Hopenhagen? Plan B for Planet A
We are everywhere
Ten years ago on the 30th November 1999, tens of thousands of people shut down the World Trade Organisation summit in Seattle showing the world the power of globally coordinated people power. The word on the streets of Seattle and in the minds of people struggling against profit driven greed was 'Another World is Possible'. Ten years on, as we collecively teeter on the brink of climate chaos the word on the streets of Auckland and in the minds of those on the front lines of Climate Chaos is 'Another World is Neccesary'. Socialist Aotearoa would like to say good on you for joining in solidarity with the billions of people all over the world who are standing up for action on Climate Change at this historic point in the history of humanity!
a Plan B for Planet A
Fortunately, we can do a lot better than this – history has shown that changes can be made by ordinary people doing extraordinary things. As our politicians fail us, we need deeds and not words. We need to step up and fight for future generations. We need to do this ourselves - and that means YOU!
Real solutions to the climate crisis are being built by those who have always protected the Earth and by those who fight every day to defend their environment and living conditions. Our best chance lies in supporting the struggles of oppressed people, workers and participatory movements from below. Movements have the ability to be infectious. They have changed the world before – and can do so again. We need to globalise these solutions and work for a just transition towards a zero-carbon future, not in 2020 or 2050 but right here, right now!
In China, the State reports around 50,000 protests annually on pollution related issues, which have forced industrial factories to close. In South America, indigenous communities are mobilising strongly around environmental attacks on their land. It could be these kind of actions, sometimes leading to the closure of important greenhouse-related infrastructure, that makes the difference in preventing temperature rises that lead to runaway climate change.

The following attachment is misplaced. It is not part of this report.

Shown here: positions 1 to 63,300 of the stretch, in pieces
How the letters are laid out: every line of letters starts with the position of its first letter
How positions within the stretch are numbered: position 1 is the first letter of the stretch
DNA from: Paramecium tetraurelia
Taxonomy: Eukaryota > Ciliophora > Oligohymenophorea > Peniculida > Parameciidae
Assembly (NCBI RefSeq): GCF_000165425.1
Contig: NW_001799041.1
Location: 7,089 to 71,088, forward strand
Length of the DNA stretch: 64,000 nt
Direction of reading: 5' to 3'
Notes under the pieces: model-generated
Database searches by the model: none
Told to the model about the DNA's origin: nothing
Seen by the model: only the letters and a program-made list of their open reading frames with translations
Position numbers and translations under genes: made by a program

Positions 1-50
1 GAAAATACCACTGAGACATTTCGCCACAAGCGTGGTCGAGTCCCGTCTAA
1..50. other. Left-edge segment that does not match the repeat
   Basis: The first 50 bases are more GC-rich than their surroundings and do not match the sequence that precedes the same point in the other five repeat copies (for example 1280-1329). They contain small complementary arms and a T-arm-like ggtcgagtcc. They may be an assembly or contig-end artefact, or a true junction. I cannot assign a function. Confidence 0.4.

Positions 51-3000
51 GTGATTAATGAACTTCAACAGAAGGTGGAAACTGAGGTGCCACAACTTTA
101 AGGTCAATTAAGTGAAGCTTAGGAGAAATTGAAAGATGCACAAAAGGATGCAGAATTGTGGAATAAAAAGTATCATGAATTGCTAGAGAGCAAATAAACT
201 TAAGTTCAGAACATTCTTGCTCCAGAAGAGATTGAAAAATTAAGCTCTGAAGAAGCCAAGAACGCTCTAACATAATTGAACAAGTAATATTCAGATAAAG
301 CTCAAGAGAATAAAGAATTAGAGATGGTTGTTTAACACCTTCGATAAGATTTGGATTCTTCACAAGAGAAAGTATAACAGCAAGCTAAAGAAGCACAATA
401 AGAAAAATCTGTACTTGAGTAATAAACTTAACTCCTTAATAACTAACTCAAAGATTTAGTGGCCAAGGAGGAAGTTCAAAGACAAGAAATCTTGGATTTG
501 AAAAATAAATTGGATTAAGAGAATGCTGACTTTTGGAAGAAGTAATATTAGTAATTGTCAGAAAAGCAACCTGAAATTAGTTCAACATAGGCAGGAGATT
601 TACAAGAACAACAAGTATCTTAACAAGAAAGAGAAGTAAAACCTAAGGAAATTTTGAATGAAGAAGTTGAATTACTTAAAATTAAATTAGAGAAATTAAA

We are no closer to reducing greenhouse gas emissions than we were when international negotiations began fifteen years ago: emissions are rising faster than ever, while carbon trading allows climate criminals to pollute and profit, many anticipate a “business as usual” approach that will yield little more than giveaways to corporations and a continuation of the failed Kyoto Protocol. This year's Copenhagen Climate Summit is set to be the fifteenth international talkfest on Climate Change thus far. It is now clearer than ever that the UN climate talks are incapable of solving the climate crisis.
No more false solutions
We cannot trust the market [emissions trading schemes] with our future, nor put our faith in unsafe, unproven and unsustainable technologies. Contrary to those who put their faith in “green capitalism”, we know that it is impossible to have infinite growth on a finite planet. Instead of trying to fix a broken system, we should be:
* leaving fossil fuels in the ground
* organising in our workplaces for climate justice
* pushing for free and frequent public transport
* socialising and decentralising energy
* relocalising our food production
* recognising and repaying ecological and climate debt
* respecting indigenous peoples’ rights
* regenerating our eco-systems
Millions of people around the world are not sitting back quietly, politely asking people like John Key to act on their behalf and they're not sitting down and putting up with environmental and economic injustice. We should try and work with them: their struggles are ours too. There is potential for a climate justice movement to follow in this tradition. But this will only happen if we trust one another, rather than people like John Key and the corporate polluters that put them in power.
Join the Red Block on the Climate Change March
this Saturday 12 noon, Albert Park, Auckland.